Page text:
Sunday, 20 December 2015

The Nausicaa Project: Making the Head

Now that 'Santa's Stressful Day' is over, I'm back to my Nausicaa stop motion puppet making project. I haven't really had any time to look at it since the summer, but for the past couple of weeks I've been planning and starting to make again. In this post I'm going to talk about making Nausicaa's head, which I began sculpting in the summer holidays.

Before embarking on this project I had hardly sculpted anything before, and I won't pretend that I didn't struggle at first! Like learning anything new it took some practice - and several hundred screwed up heads - but I eventually got there.

The first step was making a core to sculpt the head onto. In this photo, I've sculpted a layer of plastilline over the neck ball and socket joint, to the thickness that the neck should be. I rounded off the top of this in a dome shape, covered it in a layer of clingfilm and slotted a larger piece of square brass rod over the smaller piece which was attached to the top of the neck. The milliput built over the clingfilm cures on the brass rod, creating a head core which can slot on and off of the neck. 

Because the plastilline on the neck sets the right width, the head core is an accurate size to start sculpting on. This will also come in handy later when it needs to be cast.

I roughly blocked out the main head shape and positioned and inserted the eyes. This stage is crucial - if the eyes aren't in the right place or are unlevel the sculpt will never look right, no matter how refined it is!

Next I started to roughly build up the features. Having reference images of Nausicaa from all angles was very helpful.

Starting to smooth those features out. From my experience the trickiest thing is to get both sides looking the same, especially on a face like Nausicaa's which is so clean and smooth in shape.

Eventually I felt quite happy with how the symmetry was looking. I'm left handed so I naturally feel like this side is easier for me to sculpt, but all in all not bad!

I checked her against my original scale drawings before feeling happy that she was ready to be cast. At this stage the back of her head needed shaving down a bit and her ears were too wide.

So with casting, the plan was to make a block silicone mould and cast the head in Fast Cast polyurethane resin. My friend Nathan Flynn who is a sculptor helped me with this, as I had never done it before. He's generally helped me a lot with this project and still is, so I'd like to take a moment to sing his praises and say, check out his and his brother's website! -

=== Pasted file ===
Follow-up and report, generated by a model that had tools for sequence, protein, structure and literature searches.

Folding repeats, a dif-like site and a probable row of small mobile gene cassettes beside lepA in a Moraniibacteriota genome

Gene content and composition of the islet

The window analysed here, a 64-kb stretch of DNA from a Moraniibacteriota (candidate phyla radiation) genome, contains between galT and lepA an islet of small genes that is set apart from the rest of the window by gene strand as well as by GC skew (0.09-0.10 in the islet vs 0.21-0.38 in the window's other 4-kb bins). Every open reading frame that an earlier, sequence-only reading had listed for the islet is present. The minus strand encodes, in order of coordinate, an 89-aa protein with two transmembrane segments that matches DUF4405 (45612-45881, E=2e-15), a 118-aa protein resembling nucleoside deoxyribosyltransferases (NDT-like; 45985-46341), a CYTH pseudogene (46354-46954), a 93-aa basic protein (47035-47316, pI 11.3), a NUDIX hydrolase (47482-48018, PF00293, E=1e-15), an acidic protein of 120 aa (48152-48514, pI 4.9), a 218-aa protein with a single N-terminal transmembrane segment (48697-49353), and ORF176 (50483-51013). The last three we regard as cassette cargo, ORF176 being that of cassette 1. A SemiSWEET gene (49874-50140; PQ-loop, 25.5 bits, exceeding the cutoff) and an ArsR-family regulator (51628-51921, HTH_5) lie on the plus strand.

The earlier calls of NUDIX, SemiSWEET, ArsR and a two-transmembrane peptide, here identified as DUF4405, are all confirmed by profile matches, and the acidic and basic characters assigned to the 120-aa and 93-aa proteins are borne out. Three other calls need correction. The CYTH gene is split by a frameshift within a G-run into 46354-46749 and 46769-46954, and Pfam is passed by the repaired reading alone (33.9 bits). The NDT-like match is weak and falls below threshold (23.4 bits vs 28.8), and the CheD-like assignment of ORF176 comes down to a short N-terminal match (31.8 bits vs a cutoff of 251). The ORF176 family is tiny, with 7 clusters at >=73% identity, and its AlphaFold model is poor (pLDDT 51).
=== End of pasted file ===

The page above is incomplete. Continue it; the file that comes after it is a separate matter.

So, here's how we made the mould. Firstly the head was attached to a piece of of foam board with brass rod and hot glue, and then the neck was tapered out to create a pour spout.

A bit of silicone is mixed with the catalyst and painted onto the head. This is to ensure that the mould picks up all of the fine details before the rest of the silicone is poured.

A cut down paper cup acts as the mould box. It's a good size for the head, and is positioned over it before being hot glued to the foam board. We mixed a batch of silicone with the catalyst before pouring it. I've learnt that the trick is to pour from a height, creating a very thin stream, and to pour in only one area of the mould. This way the silicone naturally fills up the mould, and it greatly minimises air bubbles.

When the mould was set I cut it open in a zig-zag shape on one side and removed the sculpt. By cutting in a zig-zag the two sides meet each other again very easily when the mould needs to be used for casting.

As you can see, the sculpt came out as good as new! The mould was put in another cup to keep the sides securely together, ready to casting. Equal parts of A and B were mixed together in a cup before being poured into the mould.

Ta-da! The head came out pretty nicely, I'm very pleased with it. Despite the amount of effort that went into making this head it's just a reference for the final thing, which is going to be built up on a fast cast skull (a cut-back version of this head) using wire and soft sculpture, much like the body. This whole technique is very much an experiment so I can't predict if it'll work as I hope it will, but fingers crossed!

I'm really determined to take Sundays off from now on and keep my blog updated on a weekly basis, so check back next Sunday for a new post!

1 comment:

  1. hi
    really interesting to your work, but tell me how your project Nausicaa, as history.
    anchio are a fan of Miyazaki
    A little 'time ago avevovo he has done work in claymation.
    I am very interested your work, if you can answer on my email
    thanks congratulations again